Dairy production in KSA needs SR15 billion investment by 2020

Updated 28 March 2015
0

Dairy production in KSA needs SR15 billion investment by 2020

The dairy industry sector in the Kingdom is in need of additional investments estimated at SR15 billion to shore up production either by expansion of the existing projects or construction of new ones by 2020, according to a new study.
The projected investments are aimed to bridge the gap between the current production levels and expected consumption requirements, the study reported by Aleqtesadiah daily said.
Riyadh region captured the highest portion of capitals invested in the dairy industry at 70.5 percent, followed by Makkah region (20.4 percent) and the Eastern Province (7.4 percent), whereas the other regions took the remaining 1.7 percent, the report said.
Similarly, the Riyadh region topped other regions of having the largest number of factories for dairy products, at 40 plants, or 37 percent of the Kingdom’s totals, followed by the Makkah region at 27 plants (25 percent), the Eastern Province 20 plants (18.5 percent), Qasim region 8 plants (7.4 percent), Madinah 5 plants (4.6 percent), Tabuk and Hail 2 plants each (1.9 percent), Jazan and Najran one plant each (0.9 percent), the report said.
In terms of manpower working in the sector, the Riyadh region captured the lion’s share where their number stood at 23,405, or 60 percent of the total work force in the dairy sector, followed by the Makkah region at 9,907 (25.4 percent), the Eastern Province at 4,427 (10.8 percent) whereas Najran, Madinah, Qasim, Asir, Jazan, Hail, and Tabuk employed 600, 325, 270, 134, 52, 38, and 16 workers, respectively, the report said.
The study, supervised by the national committee for dairy producers in collaboration with a specialized research firm, said the sector is facing a series of obstacles, including the growing increase in the prices of production inputs compared to stabilized prices of dairy products, limited government support to dairy companies, and high profit margins imposed by stores on sales.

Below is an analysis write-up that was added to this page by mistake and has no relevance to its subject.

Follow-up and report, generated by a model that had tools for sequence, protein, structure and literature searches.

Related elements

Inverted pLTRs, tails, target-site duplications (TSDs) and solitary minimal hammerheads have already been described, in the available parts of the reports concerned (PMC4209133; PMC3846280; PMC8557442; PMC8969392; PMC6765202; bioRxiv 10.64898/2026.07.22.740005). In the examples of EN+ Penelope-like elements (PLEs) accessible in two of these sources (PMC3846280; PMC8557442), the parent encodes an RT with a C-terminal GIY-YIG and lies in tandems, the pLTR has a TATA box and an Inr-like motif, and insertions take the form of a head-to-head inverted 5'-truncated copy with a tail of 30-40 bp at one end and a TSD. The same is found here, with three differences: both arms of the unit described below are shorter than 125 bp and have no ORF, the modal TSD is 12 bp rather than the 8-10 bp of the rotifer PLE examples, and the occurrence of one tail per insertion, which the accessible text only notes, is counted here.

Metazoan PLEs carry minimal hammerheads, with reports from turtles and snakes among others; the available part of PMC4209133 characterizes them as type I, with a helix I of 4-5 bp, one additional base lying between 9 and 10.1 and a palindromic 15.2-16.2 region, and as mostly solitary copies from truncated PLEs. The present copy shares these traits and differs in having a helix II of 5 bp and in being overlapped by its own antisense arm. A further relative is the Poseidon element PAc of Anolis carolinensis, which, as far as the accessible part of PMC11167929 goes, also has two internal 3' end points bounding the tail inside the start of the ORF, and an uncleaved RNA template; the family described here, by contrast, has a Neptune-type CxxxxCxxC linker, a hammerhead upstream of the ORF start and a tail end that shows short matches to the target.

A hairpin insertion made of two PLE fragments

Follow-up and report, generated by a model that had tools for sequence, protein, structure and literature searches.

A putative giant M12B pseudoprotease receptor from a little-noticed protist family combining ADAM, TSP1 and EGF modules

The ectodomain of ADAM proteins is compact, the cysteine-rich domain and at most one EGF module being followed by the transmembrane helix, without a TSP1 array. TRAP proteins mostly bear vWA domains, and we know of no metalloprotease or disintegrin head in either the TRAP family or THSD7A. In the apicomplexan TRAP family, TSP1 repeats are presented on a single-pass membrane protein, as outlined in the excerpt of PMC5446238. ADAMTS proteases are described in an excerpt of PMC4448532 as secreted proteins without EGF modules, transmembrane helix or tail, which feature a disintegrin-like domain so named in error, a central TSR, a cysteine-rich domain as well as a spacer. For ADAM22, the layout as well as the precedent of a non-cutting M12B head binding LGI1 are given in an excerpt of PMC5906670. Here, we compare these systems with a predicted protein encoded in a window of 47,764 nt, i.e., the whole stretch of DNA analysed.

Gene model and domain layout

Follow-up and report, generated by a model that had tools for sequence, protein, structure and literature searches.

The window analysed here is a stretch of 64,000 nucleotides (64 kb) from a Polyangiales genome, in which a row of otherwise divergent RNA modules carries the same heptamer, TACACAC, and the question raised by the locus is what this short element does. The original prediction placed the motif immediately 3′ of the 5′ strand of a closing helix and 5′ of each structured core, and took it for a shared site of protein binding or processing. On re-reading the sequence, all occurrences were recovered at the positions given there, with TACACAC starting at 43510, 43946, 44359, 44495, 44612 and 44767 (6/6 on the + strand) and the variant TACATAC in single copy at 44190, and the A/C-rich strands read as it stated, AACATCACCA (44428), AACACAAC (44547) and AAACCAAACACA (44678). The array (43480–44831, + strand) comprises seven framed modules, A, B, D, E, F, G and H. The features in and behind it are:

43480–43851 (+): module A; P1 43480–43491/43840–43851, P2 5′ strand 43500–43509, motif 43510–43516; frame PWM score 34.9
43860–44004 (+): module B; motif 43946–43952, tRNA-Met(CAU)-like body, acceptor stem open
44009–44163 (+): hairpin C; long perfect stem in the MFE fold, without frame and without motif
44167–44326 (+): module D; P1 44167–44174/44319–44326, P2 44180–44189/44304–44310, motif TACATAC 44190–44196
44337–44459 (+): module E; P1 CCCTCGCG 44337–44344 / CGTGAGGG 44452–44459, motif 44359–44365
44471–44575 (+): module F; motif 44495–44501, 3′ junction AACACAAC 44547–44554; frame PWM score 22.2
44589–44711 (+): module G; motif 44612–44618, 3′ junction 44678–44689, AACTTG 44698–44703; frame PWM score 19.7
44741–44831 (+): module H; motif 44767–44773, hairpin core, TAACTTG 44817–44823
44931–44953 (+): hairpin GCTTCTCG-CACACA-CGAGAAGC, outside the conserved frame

Other challenges include unfair competition between mega- and small-scale dairy firms, scarcity of local manpower coupled with higher wages sought by imported laborers, and shortage of lands cultivated with green fodder, the report said.


WEEKLY ENERGY RECAP: China distracts from Strait of Hormuz

In this May 5, 2019 photo issued by Karatzas Images, showing the British oil tanker Stena Impero at unknown location, which is believed to have been captured by Iran. (AP)
Updated 13 min 15 sec ago
0

WEEKLY ENERGY RECAP: China distracts from Strait of Hormuz

  • China’s economy slowed to the weakest pace since quarterly data began in 1992 amid the ongoing trade standoff with the US, while monthly indicators provided signs of some stabilization emerging

RIYADH: Crude oil prices deteriorated despite rising tensions in the Arabian Gulf toward the end of the week. Brent crude prices dropped to $62.47 and WTI dropped to $55.63 per barrel.
WTI recorded its biggest weekly decline in seven weeks, having fallen sharply earlier in the week on hopes that the situation in the Gulf would improve along with parallel worries about global demand. At the same time, a major storm hurt output in the Gulf of Mexico, where production was down by almost a fifth in its wake.
We saw a continuation of the theme of previous weeks where the oil price largely ignored events in and around the Strait of Hormuz, even after Iran seized two British-flagged oil tankers.
Instead, the market reacted to Iran’s potential nuclear deal with the US that would include permanent enhanced nuclear inspections in return for the lifting of sanctions.
China’s crude oil throughput rose to a record in June, up 7.7 percent from a year earlier, following the start-up of two large new refineries. Crude oil processing reached 13.07 million bpd, beating the previous record in April of 12.68 million bpd.
Despite strong oil demand from China, oil prices slipped after Beijing posted its slowest quarterly economic growth in at least 27 years, reinforcing concerns about demand in the world’s largest crude oil importer.
China’s economy slowed to the weakest pace since quarterly data began in 1992 amid the ongoing trade standoff with the US, while monthly indicators provided signs of some stabilization emerging.
The International Energy Agency pounced on that news and published a shaky oil demand outlook and reduced its 2019 oil demand forecast to 1.1 million bpd, down from its initial forecast of 1.5 million bpd, due to the slowing global economy and the US.-China trade war.
Yet the economic impact of the US-China trade argument is not an oil market-reflective. Surprisingly, some economists suggest that the trade dispute could spark a global recession, sending incremental oil demand lower. This has caused growing concern about supply and poor economic growth that has pushed oil prices lower, based purely on sentiment.
Arabian Gulf crude grades have further strengthened backed by demand uptick from North Asian refineries.
Norway’s crude oil production slipped to the lowest in three decades to 1.38 million bpd in April from 1.387 million bpd in March and 1.531 million bpd a year ago.

Faisal Faeq is an energy and oil marketing adviser. He was formerly with OPEC and Saudi Aramco. Twitter:@faisalfaeq